Management consists of immediate discontinuation of Oxytocin, and symptomatic and supportive therapy.
Oxytocin Dosage and Administration
Dosage of Oxytocin is determined by uterine response. The following dosage information is based upon the various regimens and indications in general use.
Induction or Stimulation of Labor
Intravenous infusion (drip method) is the only acceptable method of administration for the induction or stimulation of labor.
Accurate control of the rate of infusion flow is essential. An infusion pump or other such device and frequent monitoring of strength of contractions and fetal heart rate are necessary for the safe administration of Oxytocin for the induction or stimulation of labor. If uterine contractions become too powerful, the infusion can be abruptly stopped, and oxytocic stimulation of the uterine musculature will soon wane.
An intravenous infusion of a non-Oxytocin containing solution should be started. Physiologic electrolyte solutions should be used except under unusual circumstances.
To prepare the usual solution for intravenous infusion–one mL (10 units) is combined aseptically with 1,000 mL of a non-hydrating diluent.
The combined solution, rotated in the infusion bottle to insure thorough mixing, contains 10 mU/mL. Add the container with dilute oxytocic solution to the system through the use of a constant infusion pump or other such device to control accurately the rate of infusion.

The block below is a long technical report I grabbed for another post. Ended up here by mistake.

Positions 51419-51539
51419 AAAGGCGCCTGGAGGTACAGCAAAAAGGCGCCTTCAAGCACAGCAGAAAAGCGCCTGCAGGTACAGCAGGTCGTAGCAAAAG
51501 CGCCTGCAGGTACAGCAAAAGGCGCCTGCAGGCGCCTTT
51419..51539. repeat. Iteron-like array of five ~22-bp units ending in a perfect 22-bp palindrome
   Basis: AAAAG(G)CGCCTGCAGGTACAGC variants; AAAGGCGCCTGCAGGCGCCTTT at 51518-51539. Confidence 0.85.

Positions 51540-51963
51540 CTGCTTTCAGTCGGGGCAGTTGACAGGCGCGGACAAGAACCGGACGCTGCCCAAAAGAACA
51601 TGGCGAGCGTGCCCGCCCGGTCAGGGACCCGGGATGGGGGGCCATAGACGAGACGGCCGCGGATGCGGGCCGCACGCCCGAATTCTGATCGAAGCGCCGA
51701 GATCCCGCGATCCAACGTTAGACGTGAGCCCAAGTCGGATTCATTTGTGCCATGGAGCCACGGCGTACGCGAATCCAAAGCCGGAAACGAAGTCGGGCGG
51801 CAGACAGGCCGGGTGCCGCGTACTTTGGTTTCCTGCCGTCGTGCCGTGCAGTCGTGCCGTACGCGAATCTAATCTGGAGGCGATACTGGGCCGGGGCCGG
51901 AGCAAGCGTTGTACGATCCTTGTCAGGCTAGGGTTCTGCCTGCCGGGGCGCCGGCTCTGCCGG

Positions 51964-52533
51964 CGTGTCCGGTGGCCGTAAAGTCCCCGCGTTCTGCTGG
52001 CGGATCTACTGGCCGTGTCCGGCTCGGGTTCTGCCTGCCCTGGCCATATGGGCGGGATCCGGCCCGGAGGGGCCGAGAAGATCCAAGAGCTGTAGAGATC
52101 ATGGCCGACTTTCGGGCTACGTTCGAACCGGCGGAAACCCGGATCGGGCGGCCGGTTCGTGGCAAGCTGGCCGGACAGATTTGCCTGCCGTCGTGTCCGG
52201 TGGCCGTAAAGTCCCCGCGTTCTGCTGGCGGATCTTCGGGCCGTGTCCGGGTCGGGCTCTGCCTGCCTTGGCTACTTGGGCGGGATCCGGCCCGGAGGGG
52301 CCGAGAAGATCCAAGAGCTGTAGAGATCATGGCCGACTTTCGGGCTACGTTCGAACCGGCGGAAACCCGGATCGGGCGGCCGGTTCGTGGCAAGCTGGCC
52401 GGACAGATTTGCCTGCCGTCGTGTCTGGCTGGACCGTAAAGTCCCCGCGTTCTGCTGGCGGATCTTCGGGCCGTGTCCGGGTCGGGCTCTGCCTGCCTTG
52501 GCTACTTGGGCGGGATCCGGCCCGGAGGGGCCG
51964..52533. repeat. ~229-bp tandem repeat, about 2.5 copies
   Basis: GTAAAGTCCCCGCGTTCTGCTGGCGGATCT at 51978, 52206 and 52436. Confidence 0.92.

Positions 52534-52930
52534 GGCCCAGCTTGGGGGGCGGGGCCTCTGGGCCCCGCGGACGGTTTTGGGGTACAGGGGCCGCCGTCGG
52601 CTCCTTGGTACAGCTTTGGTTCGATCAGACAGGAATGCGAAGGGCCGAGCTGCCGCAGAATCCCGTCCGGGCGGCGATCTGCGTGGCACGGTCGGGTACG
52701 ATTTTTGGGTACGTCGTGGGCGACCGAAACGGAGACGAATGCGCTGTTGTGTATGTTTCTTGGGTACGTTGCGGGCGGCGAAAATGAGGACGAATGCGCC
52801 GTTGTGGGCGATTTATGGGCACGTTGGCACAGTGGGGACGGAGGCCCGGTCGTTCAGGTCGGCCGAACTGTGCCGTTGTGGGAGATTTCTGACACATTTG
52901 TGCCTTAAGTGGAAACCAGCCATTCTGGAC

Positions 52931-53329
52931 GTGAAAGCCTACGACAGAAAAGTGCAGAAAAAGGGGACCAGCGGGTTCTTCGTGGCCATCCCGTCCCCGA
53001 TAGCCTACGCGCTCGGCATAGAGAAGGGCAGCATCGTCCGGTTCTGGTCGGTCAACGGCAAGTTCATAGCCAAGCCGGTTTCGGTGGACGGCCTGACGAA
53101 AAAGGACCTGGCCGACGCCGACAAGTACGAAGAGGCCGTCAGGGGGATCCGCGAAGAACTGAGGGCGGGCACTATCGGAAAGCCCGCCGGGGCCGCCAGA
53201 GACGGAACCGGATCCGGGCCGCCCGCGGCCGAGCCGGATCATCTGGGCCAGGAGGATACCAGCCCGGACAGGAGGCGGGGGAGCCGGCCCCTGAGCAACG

The initial dose should be no more than 1 to 2 mU/min. The dose may be gradually increased in increments of no more than 1 to 2 mU/min., until a contraction pattern has been established which is similar to normal labor.
The fetal heart rate, resting uterine tone, and the frequency, duration, and force of contractions should be monitored.
The Oxytocin infusion should be discontinued immediately in the event of uterine hyperactivity or fetal distress. Oxygen should be administered to the mother. The mother and fetus must be evaluated by the responsible physician.
Control of Postpartum Uterine Bleeding
Intravenous Infusion (Drip Method)—To control postpartum bleeding, 10 to 40 units of Oxytocin may be added to 1,000 mL of a nonhydrating diluent and run at a rate necessary to control uterine atony.
Intramuscular Administration—1 mL (10 units) of Oxytocin can be given after delivery of the placenta.
Treatment of Incomplete or Inevitable Abortion
Intravenous infusion with physiologic saline solution, 500 mL, or 5% dextrose in physiologic saline solution to which 10 units of Oxytocin have been added should be infused at a rate of 20 to 40 drops/minute.
Parenteral drug products should be inspected visually for particulate matter and discoloration prior to administration, whenever solution and container permit.